If the floor is flat stones bedded in sand or whatever loose-ish material, I would consider pulling what you can without disturbing the interior walls (some can probably be pulled out from under the edges of walls), excavate evenly down to the tops of the existing tubing, install insulation and sand/cob bedding with new tubing in appropriate configuration, then rebed the finish stones. The closer the tubing is to the top, the quicker response you will get from warm water. If you really would need to dig down a few inches below the stone bedding material, that is too deep. I think trying to raise and reuse the original tubing would be more trouble than it is worth.
All the above is assuming you decide that you want to get the big house to work for winter use, and if it is much bigger than your family needs, that may not be the right decision. Fitting up the small house with an RMH and making it comfortable sounds like a good plan, particularly if you are n a cultural location where seasonally renting out the big house is feasible. If seasonal renting is not likely to work consistently, it might be worthwhile doing the floor retrofit (after you move to the small house) so you can rent the big house annually and get reliable income from it.
I rented a guest house from a nice elderly lady who lived next door in a 50’s home that had in floor heating the failed (copper pipes in concrete slab) ultimately. Rather than tear up her nice wood floors they simply converted over to baseboard heating (cast iron in their case). The cottage had aluminum baseboards that loved to make noise (and hide the occasional black snake who visited). The lady even kept the same 1950’s gas boiler that fed the failed in-floor radiant system. The lady died and eventually the house and cottage got torn down and the land became a park. You pump $700 of propane through well positioned radiators and seal up the place some I would expect better results. Another approach would be to build a floor above the stones and lay a pex system under that. You lose the stone floor, but gain warm feet).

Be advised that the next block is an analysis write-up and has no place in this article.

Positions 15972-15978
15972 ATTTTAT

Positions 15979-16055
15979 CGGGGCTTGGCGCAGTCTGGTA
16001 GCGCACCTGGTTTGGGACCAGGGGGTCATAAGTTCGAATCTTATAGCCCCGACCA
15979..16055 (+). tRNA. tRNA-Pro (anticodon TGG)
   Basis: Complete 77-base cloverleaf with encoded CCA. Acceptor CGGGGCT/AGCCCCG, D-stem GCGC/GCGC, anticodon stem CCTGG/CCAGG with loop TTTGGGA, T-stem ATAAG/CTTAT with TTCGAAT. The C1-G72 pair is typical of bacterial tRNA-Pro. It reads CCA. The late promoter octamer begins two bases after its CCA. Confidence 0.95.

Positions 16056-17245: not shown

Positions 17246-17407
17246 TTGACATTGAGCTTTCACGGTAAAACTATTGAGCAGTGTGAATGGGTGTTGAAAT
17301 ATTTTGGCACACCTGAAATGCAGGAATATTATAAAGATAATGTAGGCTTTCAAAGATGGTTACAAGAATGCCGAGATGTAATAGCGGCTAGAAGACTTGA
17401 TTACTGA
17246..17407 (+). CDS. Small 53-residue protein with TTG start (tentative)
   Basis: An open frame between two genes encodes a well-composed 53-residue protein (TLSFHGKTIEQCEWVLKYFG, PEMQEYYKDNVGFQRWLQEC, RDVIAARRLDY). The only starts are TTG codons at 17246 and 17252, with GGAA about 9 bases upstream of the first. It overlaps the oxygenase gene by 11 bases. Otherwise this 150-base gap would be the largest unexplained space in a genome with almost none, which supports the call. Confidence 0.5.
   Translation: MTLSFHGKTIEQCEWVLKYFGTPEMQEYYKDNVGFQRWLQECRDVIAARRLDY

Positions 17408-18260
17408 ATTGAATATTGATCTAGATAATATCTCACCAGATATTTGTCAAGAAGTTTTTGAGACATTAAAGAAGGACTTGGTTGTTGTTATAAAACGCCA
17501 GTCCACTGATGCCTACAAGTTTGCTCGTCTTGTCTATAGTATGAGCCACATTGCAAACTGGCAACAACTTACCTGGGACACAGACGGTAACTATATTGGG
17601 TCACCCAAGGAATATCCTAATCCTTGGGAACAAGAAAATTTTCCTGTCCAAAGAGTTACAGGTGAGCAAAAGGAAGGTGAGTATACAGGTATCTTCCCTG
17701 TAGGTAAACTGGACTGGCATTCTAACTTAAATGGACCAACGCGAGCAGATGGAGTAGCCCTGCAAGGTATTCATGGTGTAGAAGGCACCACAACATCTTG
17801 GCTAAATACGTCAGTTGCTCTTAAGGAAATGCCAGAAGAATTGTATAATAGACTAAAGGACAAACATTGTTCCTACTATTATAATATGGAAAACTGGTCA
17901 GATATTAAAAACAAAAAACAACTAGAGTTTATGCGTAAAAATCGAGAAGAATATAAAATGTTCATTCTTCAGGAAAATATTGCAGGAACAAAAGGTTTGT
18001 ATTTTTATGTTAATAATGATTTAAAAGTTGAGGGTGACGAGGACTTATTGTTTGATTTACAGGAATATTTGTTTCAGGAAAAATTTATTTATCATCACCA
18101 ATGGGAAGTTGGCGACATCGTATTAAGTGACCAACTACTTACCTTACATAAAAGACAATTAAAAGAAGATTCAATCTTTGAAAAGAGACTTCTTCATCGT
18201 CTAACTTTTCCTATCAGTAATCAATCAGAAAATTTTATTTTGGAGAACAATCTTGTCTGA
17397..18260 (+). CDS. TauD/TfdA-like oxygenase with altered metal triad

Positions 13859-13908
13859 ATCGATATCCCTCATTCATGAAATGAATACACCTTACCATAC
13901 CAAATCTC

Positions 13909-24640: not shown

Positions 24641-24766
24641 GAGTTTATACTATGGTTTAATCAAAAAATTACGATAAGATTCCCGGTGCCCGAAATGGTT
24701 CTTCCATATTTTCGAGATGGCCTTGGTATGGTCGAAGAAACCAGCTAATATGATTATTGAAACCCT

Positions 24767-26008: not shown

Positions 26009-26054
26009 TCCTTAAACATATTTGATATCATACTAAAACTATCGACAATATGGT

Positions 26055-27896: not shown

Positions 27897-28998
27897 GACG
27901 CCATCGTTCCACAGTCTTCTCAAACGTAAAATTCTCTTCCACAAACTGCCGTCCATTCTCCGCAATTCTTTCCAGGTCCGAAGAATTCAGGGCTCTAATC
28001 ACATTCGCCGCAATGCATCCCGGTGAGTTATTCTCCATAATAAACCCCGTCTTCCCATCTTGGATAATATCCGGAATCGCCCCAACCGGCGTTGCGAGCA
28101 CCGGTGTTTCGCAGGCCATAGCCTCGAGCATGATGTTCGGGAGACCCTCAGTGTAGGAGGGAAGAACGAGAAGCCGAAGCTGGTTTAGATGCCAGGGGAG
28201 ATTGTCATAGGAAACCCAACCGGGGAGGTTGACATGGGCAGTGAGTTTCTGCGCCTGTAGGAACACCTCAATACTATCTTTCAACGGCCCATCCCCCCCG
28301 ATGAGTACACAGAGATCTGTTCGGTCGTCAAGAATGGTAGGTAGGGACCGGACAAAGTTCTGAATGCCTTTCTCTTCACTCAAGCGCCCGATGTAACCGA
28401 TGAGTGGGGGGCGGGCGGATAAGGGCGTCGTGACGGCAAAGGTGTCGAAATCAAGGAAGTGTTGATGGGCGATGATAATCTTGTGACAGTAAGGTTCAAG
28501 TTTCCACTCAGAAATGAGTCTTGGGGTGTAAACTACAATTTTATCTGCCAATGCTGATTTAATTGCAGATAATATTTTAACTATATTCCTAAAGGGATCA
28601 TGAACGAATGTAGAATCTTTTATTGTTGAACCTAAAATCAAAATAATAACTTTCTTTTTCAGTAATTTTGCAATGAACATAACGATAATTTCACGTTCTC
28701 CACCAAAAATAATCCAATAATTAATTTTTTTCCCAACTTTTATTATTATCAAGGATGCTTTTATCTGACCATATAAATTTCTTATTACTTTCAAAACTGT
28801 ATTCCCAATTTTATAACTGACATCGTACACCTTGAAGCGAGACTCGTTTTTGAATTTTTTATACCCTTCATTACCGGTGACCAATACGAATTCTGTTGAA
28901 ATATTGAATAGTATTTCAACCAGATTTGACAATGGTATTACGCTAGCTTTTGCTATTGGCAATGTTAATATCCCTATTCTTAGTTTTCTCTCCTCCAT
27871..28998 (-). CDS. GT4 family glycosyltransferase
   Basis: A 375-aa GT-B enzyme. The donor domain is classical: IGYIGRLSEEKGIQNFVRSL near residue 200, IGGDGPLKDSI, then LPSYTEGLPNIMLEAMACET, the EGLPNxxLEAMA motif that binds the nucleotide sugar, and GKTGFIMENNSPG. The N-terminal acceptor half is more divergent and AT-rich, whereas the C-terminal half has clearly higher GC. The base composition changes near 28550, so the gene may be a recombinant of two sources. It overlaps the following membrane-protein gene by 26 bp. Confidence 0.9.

But I’m interested in the existing system and how it is designed? Pex tubing under rocks? How thick are the rocks and how deep are the heating pipes? Can you measure what the temps are where the liquid returns from under the floor? I know people who were spending that much to heat their place, but at least they were comfortable. Love to hear whoever designed the system explain their thinking. If the system is abandoned then pumping antifreeze into it may make sense. Due to the unusual design I would look at the plumbing system to make sure if the underfloor system is turned off will water pipes be in danger of bursting. Another thought is the hot water leaking somewhere under those stones? Is their a mysterious hot spring that had appeared downhill from the house?
As far as the structure, I would go outside at night and photograph the structure with a thermal sensing camera (I have a flir attachment for my phone). The images will show the worst leaks. If air is leaking through walls, heavy curtains on could help (explains all those tapestries in castles). Don’t know enough about straw bale houses what the best way to plug leaks are. My main concern would be critters (after I put in the baseboards and hung the tapestries).
Not a short term solution for your problem, but I wonder if retrofitting some perimeter insulation would be a good solution once the ground is thawed?
You would have a couple of easy-ish options: Frost-Protected Shallow Foundation, or Swedish Skirt. Just Google those terms for images of what I'm referring to. Not the cheapest solution with rigid foam, but it may help in the long run?
In the renaissance, how big were the dinosaurs? Did you have tiny ads?